Everytime I restart MySQL I have this warning:

[Warning] Buffered warning: Changed limits: max_connections: 214 (requested 800)

So I have to change max_connections variable:

set global max_connections = 800;

But /etc/my.cf has max_connections set:

[mysqld_safe]
log-error=/var/log/mysqld.log
pid-file=/var/run/mysqld/mysqld.pid
max_connections = 800

I also modified mysqld.service:

# Start main service
ExecStart=/usr/bin/mysqld_safe --defaults-file=/etc/my.cnf

I've also updated max open files of Centos from 1024 to 2000:

ulimit -Sa | grep "open files"
open files                      (-n) 2000

But the problem persists.

Mysql log start:

150924 13:15:04 mysqld_safe mysqld from pid file 

/var/run/mysqld/mysqld.pid ended
150924 13:15:04 mysqld_safe Starting mysqld daemon with databases from /var/lib/mysql
2015-09-24 13:15:04 0 [Warning] TIMESTAMP with implicit DEFAULT value is deprecated. Please use --explicit_defaults_for_timestamp server option (see documentation for more details).
2015-09-24 13:15:04 0 [Note] /usr/sbin/mysqld (mysqld 5.6.25) starting as process 29997 ...
2015-09-24 13:15:04 29997 [Warning] Buffered warning: Changed limits: max_open_files: 1024 (requested 5000)

2015-09-24 13:15:04 29997 [Warning] Buffered warning: Changed limits: max_connections: 214 (requested 800)

2015-09-24 13:15:04 29997 [Warning] Buffered warning: Changed limits: table_open_cache: 400 (requested 2000)

2015-09-24 13:15:04 29997 [Note] Plugin 'FEDERATED' is disabled.
2015-09-24 13:15:04 29997 [Note] InnoDB: Using atomics to ref count buffer pool pages
2015-09-24 13:15:04 29997 [Note] InnoDB: The InnoDB memory heap is disabled
2015-09-24 13:15:04 29997 [Note] InnoDB: Mutexes and rw_locks use GCC atomic builtins
2015-09-24 13:15:04 29997 [Note] InnoDB: Memory barrier is not used
2015-09-24 13:15:04 29997 [Note] InnoDB: Compressed tables use zlib 1.2.3
2015-09-24 13:15:04 29997 [Note] InnoDB: Using Linux native AIO
2015-09-24 13:15:04 29997 [Note] InnoDB: Using CPU crc32 instructions
2015-09-24 13:15:04 29997 [Note] InnoDB: Initializing buffer pool, size = 128.0M
2015-09-24 13:15:04 29997 [Note] InnoDB: Completed initialization of buffer pool
2015-09-24 13:15:04 29997 [Note] InnoDB: Highest supported file format is Barracuda.
2015-09-24 13:15:04 29997 [Note] InnoDB: 128 rollback segment(s) are active.
2015-09-24 13:15:04 29997 [Note] InnoDB: Waiting for purge to start
2015-09-24 13:15:04 29997 [Note] InnoDB: 5.6.25 started; log sequence number 24337684937
2015-09-24 13:15:04 29997 [Note] Server hostname (bind-address): '*'; port: 3306
2015-09-24 13:15:04 29997 [Note] IPv6 is available.
2015-09-24 13:15:04 29997 [Note]   - '::' resolves to '::';
2015-09-24 13:15:04 29997 [Note] Server socket created on IP: '::'.
2015-09-24 13:15:04 29997 [Note] Event Scheduler: Loaded 0 events
2015-09-24 13:15:04 29997 [Note] /usr/sbin/mysqld: ready for connections.
Version: '5.6.25'  socket: '/var/lib/mysql/mysql.sock'  port: 3306  MySQL Community Server (GPL)

I tried all Google solutions, but the result is always the same...

MySQL is running on CentOS Linux release 7.1.1503 (Core).

Thanks!

up vote 17 down vote accepted

Having just spent an hour or two facing the exact same problem on CentOS 7 with MySQL 5.6.26, here's my solution. In addition to raising the max open files (for the mysql user), which it looks like you've already done, you need to add "LimitNOFILE=65535" (or similar depending on how high a limit you want to set) to your mysql.service definition file.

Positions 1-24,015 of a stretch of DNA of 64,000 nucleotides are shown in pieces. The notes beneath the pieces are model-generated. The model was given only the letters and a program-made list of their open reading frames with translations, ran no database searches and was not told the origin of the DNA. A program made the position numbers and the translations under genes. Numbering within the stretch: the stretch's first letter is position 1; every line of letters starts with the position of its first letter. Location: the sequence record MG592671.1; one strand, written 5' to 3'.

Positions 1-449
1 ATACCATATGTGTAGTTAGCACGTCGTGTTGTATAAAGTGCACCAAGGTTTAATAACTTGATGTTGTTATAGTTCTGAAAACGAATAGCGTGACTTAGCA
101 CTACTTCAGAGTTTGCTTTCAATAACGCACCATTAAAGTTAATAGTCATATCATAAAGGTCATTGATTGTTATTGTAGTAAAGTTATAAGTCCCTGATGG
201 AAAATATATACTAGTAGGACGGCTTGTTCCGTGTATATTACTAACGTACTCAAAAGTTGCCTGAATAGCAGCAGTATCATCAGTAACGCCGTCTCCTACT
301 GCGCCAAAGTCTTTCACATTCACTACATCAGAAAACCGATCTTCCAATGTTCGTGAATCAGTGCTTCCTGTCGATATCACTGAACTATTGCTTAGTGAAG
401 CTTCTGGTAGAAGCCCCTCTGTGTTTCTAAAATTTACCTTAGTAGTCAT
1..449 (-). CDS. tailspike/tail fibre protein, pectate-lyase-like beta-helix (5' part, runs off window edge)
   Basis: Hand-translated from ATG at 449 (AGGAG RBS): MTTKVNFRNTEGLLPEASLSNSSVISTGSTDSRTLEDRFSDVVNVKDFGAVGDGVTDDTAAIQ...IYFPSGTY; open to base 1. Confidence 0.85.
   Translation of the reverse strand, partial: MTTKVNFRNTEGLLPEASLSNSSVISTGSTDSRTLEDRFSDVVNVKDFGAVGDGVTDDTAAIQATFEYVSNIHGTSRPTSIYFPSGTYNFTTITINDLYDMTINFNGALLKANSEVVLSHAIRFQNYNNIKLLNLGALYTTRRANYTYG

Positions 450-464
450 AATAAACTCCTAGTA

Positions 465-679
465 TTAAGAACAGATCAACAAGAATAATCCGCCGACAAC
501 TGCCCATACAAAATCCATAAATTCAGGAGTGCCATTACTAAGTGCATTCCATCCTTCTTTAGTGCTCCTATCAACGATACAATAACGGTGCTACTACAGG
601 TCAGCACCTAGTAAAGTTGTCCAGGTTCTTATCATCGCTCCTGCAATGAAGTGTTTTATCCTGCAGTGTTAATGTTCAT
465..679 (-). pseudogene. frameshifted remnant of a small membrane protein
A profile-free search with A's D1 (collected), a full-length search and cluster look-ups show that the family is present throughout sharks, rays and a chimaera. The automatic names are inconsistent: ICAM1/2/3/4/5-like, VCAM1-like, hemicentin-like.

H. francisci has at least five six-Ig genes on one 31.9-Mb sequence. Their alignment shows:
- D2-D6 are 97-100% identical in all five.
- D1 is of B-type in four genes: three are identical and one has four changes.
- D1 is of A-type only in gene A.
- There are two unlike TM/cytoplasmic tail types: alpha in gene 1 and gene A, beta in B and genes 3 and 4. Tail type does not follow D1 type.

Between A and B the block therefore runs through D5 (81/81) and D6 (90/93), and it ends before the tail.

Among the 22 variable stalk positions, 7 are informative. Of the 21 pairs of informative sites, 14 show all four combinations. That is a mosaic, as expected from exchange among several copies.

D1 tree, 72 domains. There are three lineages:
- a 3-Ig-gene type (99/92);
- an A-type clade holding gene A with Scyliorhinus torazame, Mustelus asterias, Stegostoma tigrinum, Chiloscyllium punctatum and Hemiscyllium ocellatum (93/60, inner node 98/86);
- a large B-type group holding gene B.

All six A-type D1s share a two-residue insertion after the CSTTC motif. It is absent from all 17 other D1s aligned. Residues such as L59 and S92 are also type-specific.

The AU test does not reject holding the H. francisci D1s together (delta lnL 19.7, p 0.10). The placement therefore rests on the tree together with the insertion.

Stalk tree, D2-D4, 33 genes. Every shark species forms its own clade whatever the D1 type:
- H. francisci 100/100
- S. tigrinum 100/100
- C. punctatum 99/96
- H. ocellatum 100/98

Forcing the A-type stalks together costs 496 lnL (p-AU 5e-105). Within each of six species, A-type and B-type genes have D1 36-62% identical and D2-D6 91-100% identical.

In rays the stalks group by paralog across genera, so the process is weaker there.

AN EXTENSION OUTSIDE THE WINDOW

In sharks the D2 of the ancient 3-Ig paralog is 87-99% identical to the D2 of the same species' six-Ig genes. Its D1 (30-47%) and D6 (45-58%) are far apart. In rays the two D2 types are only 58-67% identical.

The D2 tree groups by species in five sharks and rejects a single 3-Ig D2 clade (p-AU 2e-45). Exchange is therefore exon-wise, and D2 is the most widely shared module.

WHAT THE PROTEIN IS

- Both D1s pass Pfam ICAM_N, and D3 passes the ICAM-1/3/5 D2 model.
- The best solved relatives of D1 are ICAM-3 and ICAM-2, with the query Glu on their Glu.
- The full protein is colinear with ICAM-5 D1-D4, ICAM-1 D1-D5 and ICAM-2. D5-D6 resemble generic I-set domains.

So the complete solution for me was as follows

append these two lines to /etc/security/limits.conf

mysql hard nofile 65535
mysql soft nofile 65535

append this line to /usr/lib/systemd/system/mysqld.service (in the [service] section)

LimitNOFILE=65535

then finally reboot and check that those error messages have disappeared from your mysql error log.

EDIT: Thanks to @SieGeL below for reminding me to add, if you update the ".service" file directly your edits will be lost on upgrade. To keep edits after an upgrade use a systemd override by creating an additional conf file in /etc/systemd/system/mysqld.service.d

  • Thank you! I resolved it! – Valerio Paoletti Nov 2 '15 at 17:25
  • 2
    There is no such folder in my kubuntu installation. There is not 'system' folder in '/usr/lib/systemd/' – makkasi Nov 22 '16 at 8:07
  • 1
    I did ======= sudo nano /lib/systemd/system/mysql.service ======= sudo systemctl daemon-reload =========== sudo service mysql restart=========== And it worked. I did the first step as well. Regards – makkasi Nov 22 '16 at 8:15

I would not recommend to edit the original systemd file as it will be overwritten during updates.

To modify the limits, do the following:

mkdir /etc/systemd/system/mysqld.service.d

Inside that directory, create new file limits.conf and add the following to that file:

[Service]
  LimitNOFILE = 65535

finally reload systemd with:

systemctl daemon-reload

and restart mysqld to enable the change:

systemctl restart mysqld

Now validate that the change was successful by using the following query:

mysql> show variables like '%file%';

You should find a line like this:

| open_files_limit                      | 65535  

That's it, this way your changes survive MySQL updates.

  • Agreed, I'll edit my answer as this is what I did end up doing. Thanks for taking the time to point it out. – MNB Sep 13 '17 at 15:09
  • For Ubuntu 16.04 it should be mkdir /etc/systemd/system/mysql.service.d and systemctl restart mysql. – rob006 Jul 9 at 12:33

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